Ethnic skin types: are there differences in skin structure and function?

Int J Cosmet Sci. 2006 Apr;28(2):79-93. doi: 10.1111/j.1467-2494.2006.00302.x.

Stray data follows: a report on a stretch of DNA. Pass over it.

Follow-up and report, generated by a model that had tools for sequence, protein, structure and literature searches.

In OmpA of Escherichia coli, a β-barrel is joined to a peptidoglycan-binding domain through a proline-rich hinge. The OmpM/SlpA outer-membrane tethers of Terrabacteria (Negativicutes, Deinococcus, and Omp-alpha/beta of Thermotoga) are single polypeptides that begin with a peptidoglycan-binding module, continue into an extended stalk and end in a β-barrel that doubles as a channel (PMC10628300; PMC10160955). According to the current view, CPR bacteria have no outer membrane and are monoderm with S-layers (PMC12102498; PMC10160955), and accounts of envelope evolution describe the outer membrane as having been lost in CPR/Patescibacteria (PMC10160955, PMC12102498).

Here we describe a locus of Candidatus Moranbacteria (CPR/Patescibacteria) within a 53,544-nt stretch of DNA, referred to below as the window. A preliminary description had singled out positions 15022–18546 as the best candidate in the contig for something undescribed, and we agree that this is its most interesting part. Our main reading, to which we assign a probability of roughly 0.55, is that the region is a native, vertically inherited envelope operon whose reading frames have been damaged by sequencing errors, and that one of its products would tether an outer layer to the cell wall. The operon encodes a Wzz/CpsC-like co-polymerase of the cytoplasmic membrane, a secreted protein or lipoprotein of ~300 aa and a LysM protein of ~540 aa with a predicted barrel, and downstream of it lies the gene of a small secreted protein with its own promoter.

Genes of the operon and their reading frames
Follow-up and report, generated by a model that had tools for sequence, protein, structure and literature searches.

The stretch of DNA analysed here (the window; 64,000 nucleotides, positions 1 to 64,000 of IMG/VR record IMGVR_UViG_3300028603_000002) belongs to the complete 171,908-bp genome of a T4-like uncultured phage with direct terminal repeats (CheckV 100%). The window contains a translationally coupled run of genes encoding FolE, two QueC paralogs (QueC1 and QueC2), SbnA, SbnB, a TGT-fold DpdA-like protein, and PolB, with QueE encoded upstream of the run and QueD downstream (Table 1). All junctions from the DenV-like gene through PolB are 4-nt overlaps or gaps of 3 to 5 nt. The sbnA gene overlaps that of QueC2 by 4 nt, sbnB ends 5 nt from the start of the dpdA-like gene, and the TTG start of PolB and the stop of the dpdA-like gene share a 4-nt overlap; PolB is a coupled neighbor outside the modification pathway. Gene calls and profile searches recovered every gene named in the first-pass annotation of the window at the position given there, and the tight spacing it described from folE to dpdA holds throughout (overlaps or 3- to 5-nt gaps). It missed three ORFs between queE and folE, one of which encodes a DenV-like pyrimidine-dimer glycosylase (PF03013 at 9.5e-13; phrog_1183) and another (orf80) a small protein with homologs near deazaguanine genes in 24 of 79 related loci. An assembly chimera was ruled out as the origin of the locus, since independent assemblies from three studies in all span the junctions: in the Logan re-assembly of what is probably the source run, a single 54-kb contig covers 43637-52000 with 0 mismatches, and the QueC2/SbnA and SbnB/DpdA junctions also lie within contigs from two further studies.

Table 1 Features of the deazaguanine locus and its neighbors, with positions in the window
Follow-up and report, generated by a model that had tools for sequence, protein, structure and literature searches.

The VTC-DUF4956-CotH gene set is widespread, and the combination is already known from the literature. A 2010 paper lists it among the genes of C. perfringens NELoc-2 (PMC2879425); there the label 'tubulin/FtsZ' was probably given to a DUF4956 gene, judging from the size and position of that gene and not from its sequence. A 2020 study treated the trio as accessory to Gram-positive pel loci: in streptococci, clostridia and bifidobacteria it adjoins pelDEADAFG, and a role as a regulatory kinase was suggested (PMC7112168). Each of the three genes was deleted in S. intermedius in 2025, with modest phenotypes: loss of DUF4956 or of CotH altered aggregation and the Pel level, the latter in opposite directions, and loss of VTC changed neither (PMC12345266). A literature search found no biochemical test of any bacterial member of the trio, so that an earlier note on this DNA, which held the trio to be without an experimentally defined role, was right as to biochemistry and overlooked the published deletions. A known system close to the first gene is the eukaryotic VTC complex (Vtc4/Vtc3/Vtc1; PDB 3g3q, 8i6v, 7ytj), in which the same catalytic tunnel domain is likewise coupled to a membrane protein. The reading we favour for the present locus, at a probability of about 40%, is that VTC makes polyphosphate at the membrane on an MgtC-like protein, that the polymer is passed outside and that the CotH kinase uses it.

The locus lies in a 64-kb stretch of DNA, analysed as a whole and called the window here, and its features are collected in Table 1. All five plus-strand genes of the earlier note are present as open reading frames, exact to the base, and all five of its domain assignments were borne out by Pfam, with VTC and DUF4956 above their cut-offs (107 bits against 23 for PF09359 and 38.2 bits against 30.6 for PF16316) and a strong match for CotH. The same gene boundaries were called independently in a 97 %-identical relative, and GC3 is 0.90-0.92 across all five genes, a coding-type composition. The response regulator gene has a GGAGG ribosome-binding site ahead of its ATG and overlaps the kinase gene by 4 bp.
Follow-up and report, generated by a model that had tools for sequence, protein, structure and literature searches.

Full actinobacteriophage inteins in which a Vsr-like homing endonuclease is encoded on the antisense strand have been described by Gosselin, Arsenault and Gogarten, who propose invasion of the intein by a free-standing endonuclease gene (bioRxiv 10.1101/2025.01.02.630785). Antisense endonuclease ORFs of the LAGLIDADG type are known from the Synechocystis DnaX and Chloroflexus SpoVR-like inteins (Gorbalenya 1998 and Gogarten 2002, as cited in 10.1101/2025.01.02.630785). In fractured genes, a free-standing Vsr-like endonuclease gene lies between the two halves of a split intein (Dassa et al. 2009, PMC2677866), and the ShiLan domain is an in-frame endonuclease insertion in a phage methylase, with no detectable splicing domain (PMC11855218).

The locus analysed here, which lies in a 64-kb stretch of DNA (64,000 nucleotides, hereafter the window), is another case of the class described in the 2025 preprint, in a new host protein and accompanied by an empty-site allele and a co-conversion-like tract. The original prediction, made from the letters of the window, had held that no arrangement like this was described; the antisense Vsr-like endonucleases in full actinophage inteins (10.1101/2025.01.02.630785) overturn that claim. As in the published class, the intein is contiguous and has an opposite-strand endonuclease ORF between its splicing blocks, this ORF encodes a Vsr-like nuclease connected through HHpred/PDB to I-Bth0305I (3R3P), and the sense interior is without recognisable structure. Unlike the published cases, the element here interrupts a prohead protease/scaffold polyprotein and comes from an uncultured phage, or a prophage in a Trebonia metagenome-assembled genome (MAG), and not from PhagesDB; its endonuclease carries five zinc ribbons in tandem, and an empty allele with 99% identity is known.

People of skin of colour comprise the majority of the world's population and Asian subjects comprise more than half of the total population of the earth. Even so, the literature on the characteristics of the subjects with skin of colour is limited. Several groups over the past decades have attempted to decipher the underlying differences in skin structure and function in different ethnic skin types. However, most of these studies have been of small scale and in some studies interindividual differences in skin quality overwhelm any racial differences. There has been a recent call for more studies to address genetic together with phenotypic differences among different racial groups and in this respect several large-scale studies have been conducted recently. The most obvious ethnic skin difference relates to skin colour which is dominated by the presence of melanin. The photoprotection derived from this polymer influences the rate of the skin aging changes between the different racial groups. However, all racial groups are eventually subjected to the photoaging process. Generally Caucasians have an earlier onset and greater skin wrinkling and sagging signs than other skin types and in general increased pigmentary problems are seen in skin of colour although one large study reported that East Asians living in the U.S.A. had the least pigment spots. Induction of a hyperpigmentary response is thought to be through signaling by the protease-activated receptor-2 which together with its activating protease is increased in the epidermis of subjects with skin of colour. Changes in skin biophysical properties with age demonstrate that the more darkly pigmented subjects retaining younger skin properties compared with the more lightly pigmented groups. However, despite having a more compact stratum corneum (SC) there are conflicting reports on barrier function in these subjects. Nevertheless, upon a chemical or mechanical challenge the SC barrier function is reported to be stronger in subjects with darker skin despite having the reported lowest ceramide levels. One has to remember that barrier function relates to the total architecture of the SC and not just its lipid levels. Asian skin is reported to possess a similar basal transepidermal water loss (TEWL) to Caucasian skin and similar ceramide levels but upon mechanical challenge it has the weakest barrier function. Differences in intercellular cohesion are obviously apparent. In contrast reduced SC natural moisturizing factor levels have been reported compared with Caucasian and African American skin. These differences will contribute to differences in desquamation but few data are available. One recent study has shown reduced epidermal Cathepsin L2 levels in darker skin types which if also occurs in the SC could contribute to the known skin ashing problems these subjects experience. In very general terms as the desquamatory enzymes are extruded with the lamellar granules subjects with lowered SC lipid levels are expected to have lowered desquamatory enzyme levels. Increased pores size, sebum secretion and skin surface microflora occur in Negroid subjects. Equally increased mast cell granule size occurs in these subjects. The frequency of skin sensitivity is quite similar across different racial groups but the stimuli for its induction shows subtle differences. Nevertheless, several studies indicate that Asian skin maybe more sensitive to exogenous chemicals probably due to a thinner SC and higher eccrine gland density. In conclusion, we know more of the biophysical and somatosensory characteristics of ethnic skin types but clearly, there is still more to learn and especially about the inherent underlying biological differences in ethnic skin types.